Eating whole, nutritious foods is important for living and maintaining a healthy lifestyle. A healthy diet can help you reach and maintain an optimal body weight, increase your energy and mood, reduce inflammation, and enable cell repair, which can also help reduce the risk of chronic diseases, like heart disease and cancer.
A healthy, well-balanced diet includes:
Vegetables, such as spinach, broccoli, kale, and peas
Whole fruits, such as blueberries, apples, avocados, and strawberries
Whole grains, such as quinoa, barley, brown rice, and oats
Lean protein, such as beans, chicken, and fish
Our Nutrition Corner serves as a place to learn about new fruits and vegetables, their benefits and how they can help you, and simple ways to prepare them.
Click on a category for a tasty recipe
Why do we need to eat vegetables?
Many vegetables are an important source of essential nutrients including potassium, dietary fiber, folate, vitamin A, and vitamin C. A diet rich in vegetables can lower blood pressure and reduce risk for chronic disease, such as cancer, heart disease, and type-2 diabetes. Most vegetables are naturally low in fat, calories, and cholesterol.
What are some vegetable options?
To maintain a healthy lifestyle, it is recommended to eat 1-4 cups of vegetables a day. Some of the most nutritious and readily available options include:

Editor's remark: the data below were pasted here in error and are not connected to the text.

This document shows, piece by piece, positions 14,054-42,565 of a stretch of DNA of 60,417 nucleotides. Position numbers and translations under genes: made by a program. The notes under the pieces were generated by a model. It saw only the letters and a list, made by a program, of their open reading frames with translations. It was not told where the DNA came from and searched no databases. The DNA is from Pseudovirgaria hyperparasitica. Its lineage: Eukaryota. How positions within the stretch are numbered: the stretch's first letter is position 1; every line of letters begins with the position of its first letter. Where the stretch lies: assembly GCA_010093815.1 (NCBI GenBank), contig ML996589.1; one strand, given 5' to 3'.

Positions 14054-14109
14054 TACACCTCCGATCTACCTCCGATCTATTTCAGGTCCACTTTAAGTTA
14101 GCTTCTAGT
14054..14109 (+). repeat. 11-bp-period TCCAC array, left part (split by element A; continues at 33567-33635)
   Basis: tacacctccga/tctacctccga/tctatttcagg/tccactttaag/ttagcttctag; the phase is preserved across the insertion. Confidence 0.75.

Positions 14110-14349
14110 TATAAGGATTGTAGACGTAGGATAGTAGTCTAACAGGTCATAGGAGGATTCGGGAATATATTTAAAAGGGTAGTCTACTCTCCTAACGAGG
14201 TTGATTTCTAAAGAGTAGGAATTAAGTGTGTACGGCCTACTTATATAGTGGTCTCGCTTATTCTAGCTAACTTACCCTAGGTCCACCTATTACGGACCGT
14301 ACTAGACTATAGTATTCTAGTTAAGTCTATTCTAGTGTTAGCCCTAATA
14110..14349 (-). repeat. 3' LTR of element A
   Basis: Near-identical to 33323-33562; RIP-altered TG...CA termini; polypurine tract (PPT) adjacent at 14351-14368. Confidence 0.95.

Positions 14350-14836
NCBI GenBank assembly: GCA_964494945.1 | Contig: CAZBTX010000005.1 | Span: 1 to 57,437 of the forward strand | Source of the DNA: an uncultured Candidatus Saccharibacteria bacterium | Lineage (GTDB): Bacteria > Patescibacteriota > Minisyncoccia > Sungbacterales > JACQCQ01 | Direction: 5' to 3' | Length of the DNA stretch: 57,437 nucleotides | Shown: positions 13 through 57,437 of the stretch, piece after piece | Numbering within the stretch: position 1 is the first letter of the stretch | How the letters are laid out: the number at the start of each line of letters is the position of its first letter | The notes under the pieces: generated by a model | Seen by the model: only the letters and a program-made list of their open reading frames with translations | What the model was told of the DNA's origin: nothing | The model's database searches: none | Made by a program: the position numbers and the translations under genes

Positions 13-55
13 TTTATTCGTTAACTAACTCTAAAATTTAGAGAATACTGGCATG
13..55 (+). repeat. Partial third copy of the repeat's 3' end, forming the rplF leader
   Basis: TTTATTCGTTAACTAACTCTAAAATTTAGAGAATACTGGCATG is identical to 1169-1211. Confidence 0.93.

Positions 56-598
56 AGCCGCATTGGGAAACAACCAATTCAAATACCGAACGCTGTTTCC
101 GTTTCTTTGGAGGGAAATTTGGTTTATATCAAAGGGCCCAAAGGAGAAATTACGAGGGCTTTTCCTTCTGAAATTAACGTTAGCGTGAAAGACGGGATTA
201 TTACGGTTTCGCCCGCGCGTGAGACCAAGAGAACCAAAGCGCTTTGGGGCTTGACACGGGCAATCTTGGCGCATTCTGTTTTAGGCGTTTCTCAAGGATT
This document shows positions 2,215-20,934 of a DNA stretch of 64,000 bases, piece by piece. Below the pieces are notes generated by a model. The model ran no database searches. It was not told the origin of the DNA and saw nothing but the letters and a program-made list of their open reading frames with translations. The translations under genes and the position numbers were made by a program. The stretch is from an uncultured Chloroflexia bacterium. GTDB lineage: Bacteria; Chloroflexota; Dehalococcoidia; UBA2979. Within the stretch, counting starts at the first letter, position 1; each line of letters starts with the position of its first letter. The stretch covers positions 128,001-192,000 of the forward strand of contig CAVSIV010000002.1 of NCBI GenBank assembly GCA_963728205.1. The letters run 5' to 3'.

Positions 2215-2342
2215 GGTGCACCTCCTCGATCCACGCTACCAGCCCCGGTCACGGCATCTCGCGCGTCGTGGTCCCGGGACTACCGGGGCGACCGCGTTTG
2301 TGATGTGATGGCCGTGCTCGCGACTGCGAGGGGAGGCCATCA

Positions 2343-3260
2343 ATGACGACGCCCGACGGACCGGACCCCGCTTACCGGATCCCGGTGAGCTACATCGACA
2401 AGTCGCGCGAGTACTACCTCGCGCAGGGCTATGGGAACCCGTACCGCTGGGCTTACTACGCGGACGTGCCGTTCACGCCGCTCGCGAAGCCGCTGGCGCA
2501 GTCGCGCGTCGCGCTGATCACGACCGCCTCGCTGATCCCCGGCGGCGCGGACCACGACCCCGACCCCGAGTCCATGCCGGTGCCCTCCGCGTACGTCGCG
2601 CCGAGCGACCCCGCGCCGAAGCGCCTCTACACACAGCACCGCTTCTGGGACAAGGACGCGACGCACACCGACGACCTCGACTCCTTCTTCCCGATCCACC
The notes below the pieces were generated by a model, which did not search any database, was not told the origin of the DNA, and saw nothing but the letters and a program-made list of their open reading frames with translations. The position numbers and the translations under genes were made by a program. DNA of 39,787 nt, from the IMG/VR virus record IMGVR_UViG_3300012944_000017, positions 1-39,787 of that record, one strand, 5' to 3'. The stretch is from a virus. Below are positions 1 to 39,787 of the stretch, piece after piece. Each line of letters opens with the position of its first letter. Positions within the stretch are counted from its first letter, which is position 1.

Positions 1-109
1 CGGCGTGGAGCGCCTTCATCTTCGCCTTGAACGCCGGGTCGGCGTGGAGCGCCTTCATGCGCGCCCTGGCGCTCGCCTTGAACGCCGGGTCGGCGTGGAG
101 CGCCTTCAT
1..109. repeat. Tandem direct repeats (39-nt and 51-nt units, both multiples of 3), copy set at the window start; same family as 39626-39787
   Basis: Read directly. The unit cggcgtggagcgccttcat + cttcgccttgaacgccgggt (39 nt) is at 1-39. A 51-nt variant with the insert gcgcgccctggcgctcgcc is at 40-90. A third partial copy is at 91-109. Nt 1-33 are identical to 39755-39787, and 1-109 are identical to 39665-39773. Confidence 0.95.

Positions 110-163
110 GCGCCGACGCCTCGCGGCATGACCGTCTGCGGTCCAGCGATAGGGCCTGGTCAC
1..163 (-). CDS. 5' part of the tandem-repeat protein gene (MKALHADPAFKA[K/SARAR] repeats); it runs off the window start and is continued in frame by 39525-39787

Sweet Potatoes, Yams
FEATURED VEGETABLE OF THE MONTH
What is it?
Butternut squash is a type of winter variety of squash that is nutty, sweet, and creamy. Technically, squash is a fruit; however, it is more commonly used as a vegetable in cooking. Its tan, hard rind gives it a long shelf life, and can be kept for about a month when stored in a cool, dry place.
What are its health benefits?
Butternut squash is an excellent source of many vitamins and minerals, including vitamin A, vitamin C, vitamin E, magnesium, and potassium. Plus, it is low in calories and high in fiber, making butternut squash a great way to feel fuller for longer and support long-term weight loss.
How to prepare: Butternut squash is extremely versatile and can be prepared several ways, including roasting/baking, boiling, steaming, and sauteing. Its flavor is extremely versatile as well – you can add it to sweet, savory, or spicy dishes!
Why do we need to eat whole, fresh fruits?
Many whole fruits are an important source of essential nutrients, including Vitamin C, antioxidants, potassium, dietary fiber, folate, and are naturally low in fat, cholesterol, sodium, and calories. Regularly consuming whole fruits can decrease the risk of many diseases as well as help support a healthy weight loss and management plan.
How should we be consuming fruits?
It is recommended that you obtain your daily intake of fruits by eating them whole, rather than drinking juices, which may be filled with added sugars, or blended drinks, which can lose some of its fiber during the blending process. Both juices and smoothies can affect one’s blood sugar as the higher sugar concentration is more quickly absorbed by the body, which can cause blood sugar spikes.
What are some whole fruit options?
To maintain a healthy lifestyle, it is recommended to eat at least 1 cup of whole fruits a day. Most whole fruits have a low to moderate Glycemic Index (GI), making them a healthy choice for diabetics to consume as well. Some of the most nutritious and readily available options include
* Has a low GI
FEATURED FRUIT OF THE MONTH
What are the health benefits?